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United States

Wind index advantage in Europe

Accurate predictions of wind plant production in North America are hindered by the lack of a comprehensive and universally respected index of wind strengths built up over many years, say experts. The gap between predicted and actual production in America is almost twice the size of that in Europe (main story), where wind indices have been developed since the 1980s to provide a baseline for how hard the wind is likely to blow in any given area during the assumed 20-year life of a wind plant. Wind indices specially developed by the industry are available in Denmark, Germany, the Netherlands, Sweden and the UK and are calculated from the energy production reports of strategically selected wind turbines (Windpower Monthly, January 2006).

Everyone has data they rely on in North America, says Andrew Garrad, head of international wind consultancy Garrad Hassan. "But I think to call it an index is to give it too much credibility." In identifying the performance gap, Garrad Hassan compared all the US wind speed data in 2007 to the best observations taken over 15 years.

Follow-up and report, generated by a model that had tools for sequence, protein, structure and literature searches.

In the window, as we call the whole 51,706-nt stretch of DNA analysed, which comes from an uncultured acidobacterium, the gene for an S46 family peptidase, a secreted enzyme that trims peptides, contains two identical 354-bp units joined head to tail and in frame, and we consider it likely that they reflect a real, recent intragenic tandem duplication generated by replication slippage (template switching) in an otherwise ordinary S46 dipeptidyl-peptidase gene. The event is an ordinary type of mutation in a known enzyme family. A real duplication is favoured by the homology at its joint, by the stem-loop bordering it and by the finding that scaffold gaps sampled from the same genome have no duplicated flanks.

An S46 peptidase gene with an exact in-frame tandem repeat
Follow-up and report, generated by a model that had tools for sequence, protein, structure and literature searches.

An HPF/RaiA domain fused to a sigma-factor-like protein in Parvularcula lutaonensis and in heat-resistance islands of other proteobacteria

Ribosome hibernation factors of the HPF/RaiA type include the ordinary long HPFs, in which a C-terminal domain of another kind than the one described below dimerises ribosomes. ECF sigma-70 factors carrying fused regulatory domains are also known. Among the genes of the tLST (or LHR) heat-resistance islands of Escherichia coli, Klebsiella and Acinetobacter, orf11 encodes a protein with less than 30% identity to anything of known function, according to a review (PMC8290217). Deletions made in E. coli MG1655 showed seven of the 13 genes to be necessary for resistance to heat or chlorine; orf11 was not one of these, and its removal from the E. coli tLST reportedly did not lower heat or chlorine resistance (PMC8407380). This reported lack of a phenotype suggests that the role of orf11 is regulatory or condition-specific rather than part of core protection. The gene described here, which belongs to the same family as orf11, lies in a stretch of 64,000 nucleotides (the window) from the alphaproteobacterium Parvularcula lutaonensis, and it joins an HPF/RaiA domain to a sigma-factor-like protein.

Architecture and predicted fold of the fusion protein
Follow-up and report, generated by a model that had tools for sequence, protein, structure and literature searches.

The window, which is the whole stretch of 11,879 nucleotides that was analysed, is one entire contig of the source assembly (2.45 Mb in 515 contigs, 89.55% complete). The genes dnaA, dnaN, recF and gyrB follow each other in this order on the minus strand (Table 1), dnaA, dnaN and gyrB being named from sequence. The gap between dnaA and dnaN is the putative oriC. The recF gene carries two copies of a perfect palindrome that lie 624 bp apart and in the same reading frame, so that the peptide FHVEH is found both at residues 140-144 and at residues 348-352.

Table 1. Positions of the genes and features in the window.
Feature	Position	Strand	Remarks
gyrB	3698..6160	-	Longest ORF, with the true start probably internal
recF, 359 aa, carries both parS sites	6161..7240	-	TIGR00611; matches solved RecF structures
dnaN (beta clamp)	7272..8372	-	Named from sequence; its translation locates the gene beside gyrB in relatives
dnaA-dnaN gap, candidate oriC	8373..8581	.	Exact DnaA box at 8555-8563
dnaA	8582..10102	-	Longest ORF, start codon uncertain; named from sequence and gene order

The analysis revealed that winds in 2007 were about the same as the 15-year average in some areas, but poorer in others. West Texas, where thousands of megawatt of wind plant operate, saw the worst wind in 15 years. Garrad says that this is one reason for the observed shortfall of energy produced by wind turbines in the American fleet in 2007.

Robust wind indices for different regions of America that most companies can rely on would greatly help in the prediction of wind farm production. But that is a tall order to accomplish for such a large country, admits Garrad. "We have been trying to put one together but because it's such a big place, it's very difficult to do, and I would say that were quite a long way off from having such an index in a reliable form for the US," he says.

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